1 Reply Latest reply on Mar 18, 2011 8:39 AM by philmodjunk

    Client/Server application



      Client/Server application


      I’m a new FM Pro user, so I apologize for any ‘simple’ question.

      I’m getting into confusion for a possible misunderstanding regarding the appropriate method to create a 'client/server' application.

      The application I’m developing creates a 'unique' file, which seems to be a 'client' application, including both 'application' and 'DB'. It seems I "only" have to create the application I have in mind using FM Pro Adv (have I to use FM Server for a client/server app ?), and put it on the server.
      Each client will have to address server, double click on the icon, and that's it.
      Very easy, perhaps too much.
      I suppose this would not be the correct approach. Having datas and application into the same file will probabily means a very large file after data growing.

      Can anybody please help in lighting me up a little here ? How have I to procede for creating a client/server FM application ? Is there a particular manual documentation to explain ?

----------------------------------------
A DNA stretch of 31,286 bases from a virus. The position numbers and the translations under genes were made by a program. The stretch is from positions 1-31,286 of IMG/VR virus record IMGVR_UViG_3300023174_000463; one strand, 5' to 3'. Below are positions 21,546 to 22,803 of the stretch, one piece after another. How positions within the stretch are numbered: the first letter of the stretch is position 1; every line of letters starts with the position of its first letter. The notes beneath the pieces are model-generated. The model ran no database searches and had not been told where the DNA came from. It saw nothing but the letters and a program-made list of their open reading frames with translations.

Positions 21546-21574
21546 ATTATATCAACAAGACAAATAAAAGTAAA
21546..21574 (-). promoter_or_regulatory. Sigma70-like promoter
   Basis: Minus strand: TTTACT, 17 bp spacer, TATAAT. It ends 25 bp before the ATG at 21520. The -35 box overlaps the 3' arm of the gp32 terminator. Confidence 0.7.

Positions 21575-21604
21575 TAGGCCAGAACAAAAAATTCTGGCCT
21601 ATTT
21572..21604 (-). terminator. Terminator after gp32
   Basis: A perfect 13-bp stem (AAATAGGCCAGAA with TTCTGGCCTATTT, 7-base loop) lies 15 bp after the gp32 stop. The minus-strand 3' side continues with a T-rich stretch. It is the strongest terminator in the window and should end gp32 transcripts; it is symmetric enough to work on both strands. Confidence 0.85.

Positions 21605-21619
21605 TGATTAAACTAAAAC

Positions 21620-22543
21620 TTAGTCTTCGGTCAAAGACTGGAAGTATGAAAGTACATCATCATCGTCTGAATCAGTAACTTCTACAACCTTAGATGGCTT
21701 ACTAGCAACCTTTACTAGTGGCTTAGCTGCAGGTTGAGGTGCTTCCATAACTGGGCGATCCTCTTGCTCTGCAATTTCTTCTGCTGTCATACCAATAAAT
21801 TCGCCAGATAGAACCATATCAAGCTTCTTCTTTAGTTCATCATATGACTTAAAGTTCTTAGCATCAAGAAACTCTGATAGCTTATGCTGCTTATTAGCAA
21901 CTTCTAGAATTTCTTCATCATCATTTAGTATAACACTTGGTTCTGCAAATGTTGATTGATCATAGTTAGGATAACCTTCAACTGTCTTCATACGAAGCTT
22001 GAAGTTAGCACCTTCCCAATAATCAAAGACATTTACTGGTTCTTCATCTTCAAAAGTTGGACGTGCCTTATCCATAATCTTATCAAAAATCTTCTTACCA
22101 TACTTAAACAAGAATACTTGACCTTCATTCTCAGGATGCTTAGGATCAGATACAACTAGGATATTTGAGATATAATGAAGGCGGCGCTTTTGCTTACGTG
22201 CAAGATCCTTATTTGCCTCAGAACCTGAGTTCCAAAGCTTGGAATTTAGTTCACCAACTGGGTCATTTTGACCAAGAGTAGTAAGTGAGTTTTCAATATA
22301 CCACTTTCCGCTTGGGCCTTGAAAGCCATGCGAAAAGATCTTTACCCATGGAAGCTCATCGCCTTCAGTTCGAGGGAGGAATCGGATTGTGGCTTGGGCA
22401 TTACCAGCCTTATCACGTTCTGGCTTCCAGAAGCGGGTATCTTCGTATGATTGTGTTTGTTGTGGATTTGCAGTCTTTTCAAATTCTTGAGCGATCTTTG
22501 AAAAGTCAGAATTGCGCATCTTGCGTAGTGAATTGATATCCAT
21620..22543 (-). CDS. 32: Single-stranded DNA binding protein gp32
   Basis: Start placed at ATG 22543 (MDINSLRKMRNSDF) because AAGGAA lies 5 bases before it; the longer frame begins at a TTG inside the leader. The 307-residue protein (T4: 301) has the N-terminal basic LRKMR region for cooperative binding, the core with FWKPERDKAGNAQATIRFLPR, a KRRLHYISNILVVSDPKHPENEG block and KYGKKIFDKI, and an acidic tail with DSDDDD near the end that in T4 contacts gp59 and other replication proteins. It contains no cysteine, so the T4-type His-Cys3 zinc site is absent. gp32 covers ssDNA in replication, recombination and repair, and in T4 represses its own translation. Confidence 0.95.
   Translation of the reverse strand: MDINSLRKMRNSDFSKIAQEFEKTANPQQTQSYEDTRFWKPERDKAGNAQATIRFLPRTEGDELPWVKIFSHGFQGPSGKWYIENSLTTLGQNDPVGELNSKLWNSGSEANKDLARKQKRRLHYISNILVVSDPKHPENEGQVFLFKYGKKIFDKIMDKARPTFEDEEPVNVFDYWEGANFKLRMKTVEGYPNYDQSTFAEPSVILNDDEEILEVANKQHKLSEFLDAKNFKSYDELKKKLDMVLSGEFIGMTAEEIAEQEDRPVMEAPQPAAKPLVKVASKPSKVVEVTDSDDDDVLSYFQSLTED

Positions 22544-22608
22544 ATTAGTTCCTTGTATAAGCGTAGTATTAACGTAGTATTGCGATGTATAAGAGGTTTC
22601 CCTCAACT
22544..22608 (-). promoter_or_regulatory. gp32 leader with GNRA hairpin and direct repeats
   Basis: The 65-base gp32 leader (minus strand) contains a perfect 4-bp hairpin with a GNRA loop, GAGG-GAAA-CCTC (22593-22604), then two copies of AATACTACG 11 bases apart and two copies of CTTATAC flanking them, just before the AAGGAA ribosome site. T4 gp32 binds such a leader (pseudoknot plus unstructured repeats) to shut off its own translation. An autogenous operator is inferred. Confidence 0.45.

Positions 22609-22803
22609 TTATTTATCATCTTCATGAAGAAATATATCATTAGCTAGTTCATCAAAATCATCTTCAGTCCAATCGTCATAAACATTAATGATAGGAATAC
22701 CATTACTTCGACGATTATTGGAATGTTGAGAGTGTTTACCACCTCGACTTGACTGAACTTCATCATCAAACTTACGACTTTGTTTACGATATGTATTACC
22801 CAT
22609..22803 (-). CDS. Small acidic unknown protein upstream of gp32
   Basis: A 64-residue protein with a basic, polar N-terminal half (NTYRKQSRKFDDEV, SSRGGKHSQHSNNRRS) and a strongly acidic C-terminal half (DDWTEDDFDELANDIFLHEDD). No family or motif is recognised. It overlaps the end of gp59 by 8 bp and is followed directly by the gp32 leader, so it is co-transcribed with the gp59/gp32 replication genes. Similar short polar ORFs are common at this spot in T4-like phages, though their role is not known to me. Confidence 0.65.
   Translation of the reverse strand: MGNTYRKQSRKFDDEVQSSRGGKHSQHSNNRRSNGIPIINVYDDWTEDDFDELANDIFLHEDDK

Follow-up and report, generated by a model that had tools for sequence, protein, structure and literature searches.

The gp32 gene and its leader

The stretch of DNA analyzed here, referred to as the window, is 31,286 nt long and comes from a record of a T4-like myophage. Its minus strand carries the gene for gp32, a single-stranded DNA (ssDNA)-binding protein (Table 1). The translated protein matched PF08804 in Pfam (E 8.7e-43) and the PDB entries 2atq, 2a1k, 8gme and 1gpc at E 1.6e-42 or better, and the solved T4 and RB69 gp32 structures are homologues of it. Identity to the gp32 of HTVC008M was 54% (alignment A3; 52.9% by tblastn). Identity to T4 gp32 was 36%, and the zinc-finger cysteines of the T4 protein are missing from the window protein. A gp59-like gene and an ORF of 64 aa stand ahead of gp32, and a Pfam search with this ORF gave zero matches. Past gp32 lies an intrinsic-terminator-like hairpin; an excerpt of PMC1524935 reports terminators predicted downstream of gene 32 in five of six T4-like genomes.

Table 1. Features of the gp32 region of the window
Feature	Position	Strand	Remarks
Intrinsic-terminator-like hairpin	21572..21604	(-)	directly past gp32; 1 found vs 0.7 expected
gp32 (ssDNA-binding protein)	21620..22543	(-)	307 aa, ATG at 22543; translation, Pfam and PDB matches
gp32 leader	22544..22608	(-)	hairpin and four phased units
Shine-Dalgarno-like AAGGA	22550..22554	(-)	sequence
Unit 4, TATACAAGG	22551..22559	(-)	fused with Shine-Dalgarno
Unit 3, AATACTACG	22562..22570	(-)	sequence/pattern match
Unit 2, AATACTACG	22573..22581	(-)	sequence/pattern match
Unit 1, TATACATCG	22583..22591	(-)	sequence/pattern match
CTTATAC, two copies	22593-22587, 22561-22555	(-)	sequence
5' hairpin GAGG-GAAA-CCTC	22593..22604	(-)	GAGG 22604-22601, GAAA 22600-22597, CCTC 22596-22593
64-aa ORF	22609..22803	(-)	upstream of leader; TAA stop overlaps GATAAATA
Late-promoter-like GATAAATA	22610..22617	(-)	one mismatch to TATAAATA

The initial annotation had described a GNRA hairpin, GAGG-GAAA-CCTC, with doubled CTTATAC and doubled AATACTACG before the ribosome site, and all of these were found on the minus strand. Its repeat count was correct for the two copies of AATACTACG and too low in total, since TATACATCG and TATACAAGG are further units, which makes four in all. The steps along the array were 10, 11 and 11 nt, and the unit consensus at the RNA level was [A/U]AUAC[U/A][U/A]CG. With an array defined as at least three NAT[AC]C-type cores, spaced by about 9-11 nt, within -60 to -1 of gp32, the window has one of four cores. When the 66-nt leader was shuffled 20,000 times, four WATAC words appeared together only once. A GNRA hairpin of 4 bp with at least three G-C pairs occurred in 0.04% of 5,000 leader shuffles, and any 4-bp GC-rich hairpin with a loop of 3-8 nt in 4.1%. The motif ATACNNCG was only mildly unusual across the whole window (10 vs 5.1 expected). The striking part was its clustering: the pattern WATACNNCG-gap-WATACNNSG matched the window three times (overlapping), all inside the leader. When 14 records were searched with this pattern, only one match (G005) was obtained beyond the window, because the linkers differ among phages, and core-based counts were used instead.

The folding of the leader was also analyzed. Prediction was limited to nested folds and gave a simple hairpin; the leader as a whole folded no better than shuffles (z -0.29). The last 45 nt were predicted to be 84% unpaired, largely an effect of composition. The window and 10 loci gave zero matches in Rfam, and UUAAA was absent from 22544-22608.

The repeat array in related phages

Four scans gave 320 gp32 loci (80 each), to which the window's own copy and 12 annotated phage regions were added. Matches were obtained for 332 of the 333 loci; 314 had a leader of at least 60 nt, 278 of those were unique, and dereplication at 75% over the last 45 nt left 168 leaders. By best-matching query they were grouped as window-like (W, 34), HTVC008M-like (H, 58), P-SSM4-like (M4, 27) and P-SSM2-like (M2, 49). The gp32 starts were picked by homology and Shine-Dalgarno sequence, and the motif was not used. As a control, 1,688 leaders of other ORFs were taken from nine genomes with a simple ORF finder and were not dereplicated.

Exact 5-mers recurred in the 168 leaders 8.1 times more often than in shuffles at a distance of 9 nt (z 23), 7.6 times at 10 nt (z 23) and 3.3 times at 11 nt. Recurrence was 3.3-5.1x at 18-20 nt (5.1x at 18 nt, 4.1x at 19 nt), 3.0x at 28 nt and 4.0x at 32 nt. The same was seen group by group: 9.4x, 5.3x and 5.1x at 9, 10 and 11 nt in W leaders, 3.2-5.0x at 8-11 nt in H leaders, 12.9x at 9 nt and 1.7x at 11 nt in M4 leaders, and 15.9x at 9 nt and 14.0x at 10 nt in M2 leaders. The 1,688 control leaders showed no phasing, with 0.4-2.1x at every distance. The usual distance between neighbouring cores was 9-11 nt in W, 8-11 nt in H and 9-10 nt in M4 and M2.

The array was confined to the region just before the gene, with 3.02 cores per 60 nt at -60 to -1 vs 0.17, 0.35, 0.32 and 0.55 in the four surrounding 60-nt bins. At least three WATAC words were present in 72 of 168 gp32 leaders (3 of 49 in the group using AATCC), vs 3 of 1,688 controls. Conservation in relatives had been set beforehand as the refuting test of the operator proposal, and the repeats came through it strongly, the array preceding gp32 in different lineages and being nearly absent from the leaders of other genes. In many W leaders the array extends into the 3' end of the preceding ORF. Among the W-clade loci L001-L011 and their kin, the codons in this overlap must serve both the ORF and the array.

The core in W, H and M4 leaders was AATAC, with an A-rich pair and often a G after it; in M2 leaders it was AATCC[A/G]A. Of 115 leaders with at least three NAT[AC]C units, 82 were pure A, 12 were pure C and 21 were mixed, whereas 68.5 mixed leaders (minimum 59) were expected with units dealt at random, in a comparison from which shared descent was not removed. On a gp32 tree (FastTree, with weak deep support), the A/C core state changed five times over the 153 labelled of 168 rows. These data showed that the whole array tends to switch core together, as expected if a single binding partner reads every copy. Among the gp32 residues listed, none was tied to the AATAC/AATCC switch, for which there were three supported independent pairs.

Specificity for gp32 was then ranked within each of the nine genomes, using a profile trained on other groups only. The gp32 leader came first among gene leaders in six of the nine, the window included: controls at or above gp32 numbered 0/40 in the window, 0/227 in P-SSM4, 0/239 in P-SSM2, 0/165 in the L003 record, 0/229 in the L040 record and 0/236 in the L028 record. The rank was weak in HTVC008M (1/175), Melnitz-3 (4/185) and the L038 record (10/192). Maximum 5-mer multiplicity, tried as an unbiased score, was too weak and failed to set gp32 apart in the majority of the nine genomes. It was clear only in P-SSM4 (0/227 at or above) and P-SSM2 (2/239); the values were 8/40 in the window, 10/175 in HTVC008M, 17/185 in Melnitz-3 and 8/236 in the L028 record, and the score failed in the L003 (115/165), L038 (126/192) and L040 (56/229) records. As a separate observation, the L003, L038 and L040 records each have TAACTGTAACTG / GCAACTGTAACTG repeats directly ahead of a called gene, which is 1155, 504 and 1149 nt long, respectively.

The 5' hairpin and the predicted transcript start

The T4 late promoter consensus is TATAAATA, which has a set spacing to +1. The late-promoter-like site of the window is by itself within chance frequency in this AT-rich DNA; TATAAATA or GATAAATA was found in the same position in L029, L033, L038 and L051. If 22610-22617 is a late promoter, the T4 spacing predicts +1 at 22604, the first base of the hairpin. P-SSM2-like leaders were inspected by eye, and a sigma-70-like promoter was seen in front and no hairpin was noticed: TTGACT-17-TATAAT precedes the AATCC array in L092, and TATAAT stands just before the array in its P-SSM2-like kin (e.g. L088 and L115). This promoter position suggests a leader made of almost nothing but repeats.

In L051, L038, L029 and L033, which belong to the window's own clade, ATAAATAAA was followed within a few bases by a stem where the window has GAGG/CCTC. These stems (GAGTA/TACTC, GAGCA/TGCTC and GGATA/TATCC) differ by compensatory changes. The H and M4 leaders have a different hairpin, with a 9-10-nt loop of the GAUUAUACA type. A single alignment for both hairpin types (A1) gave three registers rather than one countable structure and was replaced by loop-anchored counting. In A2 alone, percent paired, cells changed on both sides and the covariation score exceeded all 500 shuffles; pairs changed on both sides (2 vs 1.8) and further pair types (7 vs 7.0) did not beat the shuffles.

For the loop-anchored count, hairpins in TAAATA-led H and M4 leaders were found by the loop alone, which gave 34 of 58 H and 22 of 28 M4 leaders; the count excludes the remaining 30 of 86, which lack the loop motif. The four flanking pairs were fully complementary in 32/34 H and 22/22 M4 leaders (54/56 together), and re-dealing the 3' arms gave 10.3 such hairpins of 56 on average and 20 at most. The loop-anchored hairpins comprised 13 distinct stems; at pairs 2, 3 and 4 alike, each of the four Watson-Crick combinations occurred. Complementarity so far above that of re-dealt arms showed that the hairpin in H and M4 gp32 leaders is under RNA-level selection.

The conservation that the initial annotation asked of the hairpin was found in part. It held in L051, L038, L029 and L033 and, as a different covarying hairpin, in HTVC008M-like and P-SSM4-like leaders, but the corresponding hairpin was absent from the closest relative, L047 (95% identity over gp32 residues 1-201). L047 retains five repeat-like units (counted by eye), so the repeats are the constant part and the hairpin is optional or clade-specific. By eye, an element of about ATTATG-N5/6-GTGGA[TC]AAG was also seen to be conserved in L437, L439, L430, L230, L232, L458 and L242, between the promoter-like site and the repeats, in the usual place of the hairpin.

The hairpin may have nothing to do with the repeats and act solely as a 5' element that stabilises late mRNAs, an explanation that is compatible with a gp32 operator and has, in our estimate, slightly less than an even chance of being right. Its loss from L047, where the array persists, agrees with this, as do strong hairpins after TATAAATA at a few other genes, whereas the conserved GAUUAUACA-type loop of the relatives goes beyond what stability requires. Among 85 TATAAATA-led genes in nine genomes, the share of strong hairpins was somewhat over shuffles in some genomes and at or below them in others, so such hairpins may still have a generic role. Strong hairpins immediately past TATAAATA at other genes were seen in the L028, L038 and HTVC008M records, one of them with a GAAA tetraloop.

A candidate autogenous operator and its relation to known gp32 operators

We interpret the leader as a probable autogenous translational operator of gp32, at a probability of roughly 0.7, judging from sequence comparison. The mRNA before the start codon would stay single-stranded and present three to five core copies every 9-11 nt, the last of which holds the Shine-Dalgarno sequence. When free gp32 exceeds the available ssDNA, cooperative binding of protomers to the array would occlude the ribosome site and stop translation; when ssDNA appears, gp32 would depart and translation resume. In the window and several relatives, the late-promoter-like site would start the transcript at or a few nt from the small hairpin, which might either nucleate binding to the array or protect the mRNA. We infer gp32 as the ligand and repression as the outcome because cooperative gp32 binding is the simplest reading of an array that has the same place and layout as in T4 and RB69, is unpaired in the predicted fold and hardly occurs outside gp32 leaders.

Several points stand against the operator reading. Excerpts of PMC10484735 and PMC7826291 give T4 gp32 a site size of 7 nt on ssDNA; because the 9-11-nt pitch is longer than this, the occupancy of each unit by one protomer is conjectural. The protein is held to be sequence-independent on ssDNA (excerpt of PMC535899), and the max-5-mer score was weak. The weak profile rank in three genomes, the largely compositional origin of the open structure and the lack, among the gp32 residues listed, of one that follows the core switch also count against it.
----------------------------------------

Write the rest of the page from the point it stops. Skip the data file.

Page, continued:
Thanks in advance

        • 1. Re: Client/Server application

          Any database file will become a 'very large file after data is added'. The data makes up the largest fraction of the file. With FileMaker, like most other applications, you have the application--the executable database engine you use to both create the database and to open and run it and you have the data file you created with your tables, layouts and scripts.

          When you host the database file over a network, you host the database file you created with FileMaker Pro or FileMaker Server. The clients then use an application to access the hosted database. That application can be an installation of FileMaker Pro, or it can be a web browser application if you have set up the file with Instant or Custom Web Publishing (IWP or CWP).

          Your clients cannot use a runtime FileMaker application created with FileMaker Advanced to access the hosted database.